NEW YORK (Reuters) - More jobs and company wealth were lost around the world on Thursday as policymakers prepared more drastic action to inject life into the global economy and U.S. President Barack Obama made a tough attack on Wall Street greed.
Obama, whose stimulus package faces an uncertain road to his hoped-for mid-February completion, told reporters he was outraged by a report of some $18 billion in Wall Street bonuses paid at a time taxpayer money was being used to shore up the crumbling financial system.
“That is the height of irresponsibility. It is shameful,” Obama said, adding that his message to Wall Street players was “there will be time for them to make profits and there will be time for them to get bonuses. Now is not that time.”
Obama was more conciliatory with Republican senators, who accepted his offer to search for a compromise on an economic stimulus after the House of Representatives on Wednesday passed an $819 billion plan with no Republican votes. The Senate Republicans say the compromise must include big tax cuts.
As policymakers everywhere reached for more tools to fix the global crisis, European Central Bank President Jean-Claude Trichet said he could not rule out an interest-rate cut from the current record low of 2 percent.
In Britain, the Bank of England will begin its 50 billion pound (US$71.5 billion) program to unlock credit markets with purchases of corporate bonds, commercial paper and debt issued by banks that got government recapitalizations.
More data suggested the world recession was only getting worse.
The number of Americans receiving unemployment benefits jumped to a record 4.78 million in the week ended January 17, and first-time filings also rose, the U.S. Labor Department said.
Unemployment in Germany, Europe’s largest economy, rose nearly twice as much as expected in January.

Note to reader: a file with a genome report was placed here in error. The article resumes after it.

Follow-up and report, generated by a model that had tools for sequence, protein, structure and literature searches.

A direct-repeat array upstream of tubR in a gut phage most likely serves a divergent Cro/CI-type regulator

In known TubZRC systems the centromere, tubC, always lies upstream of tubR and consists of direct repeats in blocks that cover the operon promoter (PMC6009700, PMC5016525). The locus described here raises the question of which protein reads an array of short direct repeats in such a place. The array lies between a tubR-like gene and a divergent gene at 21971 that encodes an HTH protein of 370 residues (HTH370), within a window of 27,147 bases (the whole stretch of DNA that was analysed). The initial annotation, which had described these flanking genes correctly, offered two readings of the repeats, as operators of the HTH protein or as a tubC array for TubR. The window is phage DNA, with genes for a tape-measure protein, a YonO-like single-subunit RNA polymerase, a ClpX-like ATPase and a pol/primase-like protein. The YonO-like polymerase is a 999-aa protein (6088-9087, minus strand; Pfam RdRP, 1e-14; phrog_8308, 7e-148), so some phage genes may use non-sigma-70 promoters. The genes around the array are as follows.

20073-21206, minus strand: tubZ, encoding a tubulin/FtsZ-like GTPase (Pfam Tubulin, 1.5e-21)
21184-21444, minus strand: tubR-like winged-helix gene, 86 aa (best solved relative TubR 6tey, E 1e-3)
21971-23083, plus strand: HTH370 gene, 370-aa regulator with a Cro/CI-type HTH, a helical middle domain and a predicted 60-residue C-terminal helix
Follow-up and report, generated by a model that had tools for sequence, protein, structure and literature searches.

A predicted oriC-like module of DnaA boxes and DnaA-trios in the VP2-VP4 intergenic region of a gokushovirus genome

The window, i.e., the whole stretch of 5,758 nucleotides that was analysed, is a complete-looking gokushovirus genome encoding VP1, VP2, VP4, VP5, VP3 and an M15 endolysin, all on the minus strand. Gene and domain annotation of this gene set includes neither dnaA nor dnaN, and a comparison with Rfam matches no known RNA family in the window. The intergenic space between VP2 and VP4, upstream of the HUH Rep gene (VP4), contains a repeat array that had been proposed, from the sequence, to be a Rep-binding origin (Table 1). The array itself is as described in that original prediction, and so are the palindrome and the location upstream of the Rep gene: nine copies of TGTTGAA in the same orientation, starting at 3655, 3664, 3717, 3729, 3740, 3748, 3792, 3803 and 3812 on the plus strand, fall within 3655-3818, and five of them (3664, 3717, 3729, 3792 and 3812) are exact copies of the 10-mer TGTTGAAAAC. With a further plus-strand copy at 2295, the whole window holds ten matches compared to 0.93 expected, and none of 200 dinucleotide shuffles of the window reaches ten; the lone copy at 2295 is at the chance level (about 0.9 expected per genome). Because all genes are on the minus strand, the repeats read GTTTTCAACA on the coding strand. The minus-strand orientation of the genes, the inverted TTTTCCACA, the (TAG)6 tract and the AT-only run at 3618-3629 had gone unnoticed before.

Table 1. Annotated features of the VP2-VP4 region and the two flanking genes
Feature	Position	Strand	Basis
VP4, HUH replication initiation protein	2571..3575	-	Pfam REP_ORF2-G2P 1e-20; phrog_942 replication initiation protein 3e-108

Euro zone economic sentiment dropped to a record low in January.
Sales of new U.S. single-family homes fell 14.7 percent in December to the lowest level ever recorded, while U.S. durable goods orders dropped a fifth straight month.
“The recession continues to drag and is even intensifying,” said Andrew Bekoff, chief investment officer at LPB Capital LLC in Doylestown, Pennsylvania.
U.S. stocks tumbled, ending four-day winning streaks for the Standard & Poor’s 500, down 3.3 percent, and Nasdaq, which lost 3.2 percent. The U.S. Treasury debt market stumbled.
European stocks also fell. The FTSEurofirst 300 index dropped 1.8 percent.
Friday may bring more bad news, when economists expect the Commerce Department to say gross domestic product, the broadest measure of U.S. economic activity, shrank at an annualized 5.4 percent in the fourth quarter.
More companies provided evidence of how deeply the global recession has cut into business prospects.
Ford Motor Co posted a larger-than-expected $5.88 billion quarterly loss, burned through $5.5 billion of cash, and said it will draw $10.1 billion from a credit line.
Eastman Kodak Co said it may cut 4,500 jobs after a surprise quarterly loss. Four U.S. airlines, led by Continental Airlines Inc, also posted losses. Boeing Co stock fell 5.9 percent a day after the company said it planned 10,000 job cuts.
Industrial manufacturer 3M Co said it is cutting capital spending by 30 percent.
A bright spot was online retailer Amazon.com Inc, which said profit and sales in the critical holiday shopping season topped forecasts.
In Japan, Sony Corp posted a quarterly loss and said it expects a record annual deficit as demand falls and the yen strengthens, while rival Nintendo Co cut its full-year outlook.
The Swiss bank UBS AG said it is slashing 2008 investment bank bonuses by 80 percent.
The International Air Transport Association said air freight in December fell a “shocking” 22.6 percent from a year earlier, reflecting a slowdown in world trade.
One-third of world trade consists of goods sent by air, and IATA Director-General Giovanni Bisignani said a market bottom is nowhere in sight. “Keep your seat belts fastened and prepare for a bumpy ride and a hard landing,” he said.
In France, hundreds of thousands of workers staged a nationwide strike to force President Nicolas Sarkozy to do more to protect jobs and wages.
Romania began talks with the European Commission on a potential rescue loan. Russia, meanwhile, is discussing plans to bail out VTB, its second-largest lender, VTB’s chief executive said. New Zealand’s central bank cut its benchmark interest rate.
The euro sank more than a penny to below $1.30 after billionaire George Soros was quoted as saying the common currency might not survive in the absence of an EU plan to address toxic debt.
Reporting by Reuters bureaus around the world; Writing by Mark Trevelyan in London and Jonathan Stempel in New York; Editing by Kevin Liffey, Steve Orlofsky, Gary Hill